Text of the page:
Site Color

Text Color

Ad Color

Text Color





Sign Up to Save Your Colors


Improve Your Application Performance With React Hooks by@gorrion

Improve Your Application Performance With React Hooks

Gorrion Software House Hacker Noon profile picture

Gorrion Software House

We provide custom software development for industries such as healthcare, fitness, edu-tech, marketing and IoT.

React Hooks are a powerful technique liked by many developers. Why? There are so many reasons for that. One of them is that this feature extended the use of functional components. I'd like to talk about the most common hooks and present some tips about using them to improve app performance. So, let's get started.

The basics

First off, you should know that hooks are functions. They allow using some React features in function components like state managing or use of lifecycle methods. However, you should keep in mind that they should be called only on the top level, so you can't call a hook inside a conditional statement or loop.

There are only two places where you can call the hook: inside function component or inside another hook. While the first case is rather obvious, the second one is usually related to writing custom hooks which are a good way to share logic between components.

The variety

I feel like I should also make a distinction between the hooks before I start writing about them. So, generally, we can divide them into basic and additional ones. To the first group, we rank:

  • useState
  • useEffect
  • useContext

While in the other set, we have:

  • useCallback
  • useMemo
  • useReducer
  • useRef
  • useImperativeHandle
  • useLayoutEffect
  • useDebugValue

In this article, I intend to focus on the most common ones, so if you're interested in the rest of them, you should read Hooks API Reference. You'll find a description of all React Hooks, good practices and answers for frequently asked questions.


Let's start with useEffect. This hook accepts 2 arguments - the first is a function, and the second is an array called dependencies.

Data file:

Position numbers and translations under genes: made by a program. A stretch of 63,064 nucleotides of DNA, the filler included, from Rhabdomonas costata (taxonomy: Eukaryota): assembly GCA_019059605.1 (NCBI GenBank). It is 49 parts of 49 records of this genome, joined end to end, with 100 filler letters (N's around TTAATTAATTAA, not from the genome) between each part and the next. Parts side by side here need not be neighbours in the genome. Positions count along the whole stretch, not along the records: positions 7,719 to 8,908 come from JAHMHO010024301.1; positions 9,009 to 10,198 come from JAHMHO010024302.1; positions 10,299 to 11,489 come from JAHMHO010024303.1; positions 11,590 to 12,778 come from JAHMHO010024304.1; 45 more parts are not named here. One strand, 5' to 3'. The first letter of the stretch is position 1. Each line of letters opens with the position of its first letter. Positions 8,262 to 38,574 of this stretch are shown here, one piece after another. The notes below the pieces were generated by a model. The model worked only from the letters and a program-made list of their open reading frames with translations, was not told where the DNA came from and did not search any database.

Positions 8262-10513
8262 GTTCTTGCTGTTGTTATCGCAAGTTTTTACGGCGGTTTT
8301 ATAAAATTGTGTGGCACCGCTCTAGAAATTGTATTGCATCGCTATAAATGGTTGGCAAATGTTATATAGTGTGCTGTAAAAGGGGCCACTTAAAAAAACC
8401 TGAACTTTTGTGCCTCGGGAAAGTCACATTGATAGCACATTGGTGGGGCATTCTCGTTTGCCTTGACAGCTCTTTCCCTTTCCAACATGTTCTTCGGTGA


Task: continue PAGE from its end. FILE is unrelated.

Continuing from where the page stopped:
Dependencies are optional, and the default value is null. The passed function will be executed each time after the component's mount or when some value in the dependencies array changed.

There are also two options in this hook. If you pass an empty array as dependencies, useEffect will be executed once during the first component's render. But, if your function passed to useEffect Hook returns a function, it will be executed during unmount component phase. Just like this:

useEffect(() => {
    const subscription = subscribeSomething();
    return () => subscription.unsubscribe();
}, [...deps])

How to apply useEffect 

Now that you know it let's move on to some good practices of using this hook. 

  • If you want to do some action only once after the component renders, you should pass the empty array as dependencies. It's a good place for data fetching, subscribing, and many more.
  • Remember to release memory and clean after useEffect execution when the component unmounts. It's a good practice that will also ensure no memory leaks.
  • If a function called inside of useEffect uses another variable, that variable should be included in dependencies, and these dependencies should contain only values from the component's scope.
  • Define functions that aren't executed anywhere else inside useEffect. Thanks to this, you don't have to pass function reference into dependencies.


It's used to prevent redeclaring functions in the component's definition. Hence, it won't create new references for them. Using useCallback is similar to useEffect – we have a function and dependencies

const fn = useCallback(() => {
    // fn definition
}, [...deps])

If you don't use useCallback, after component's render fn would be a new reference. There's no problem if it's the first render since a new reference just will be created. But in every next render, the old reference will be cleaned by the garbage collector, and fn would be a new reference.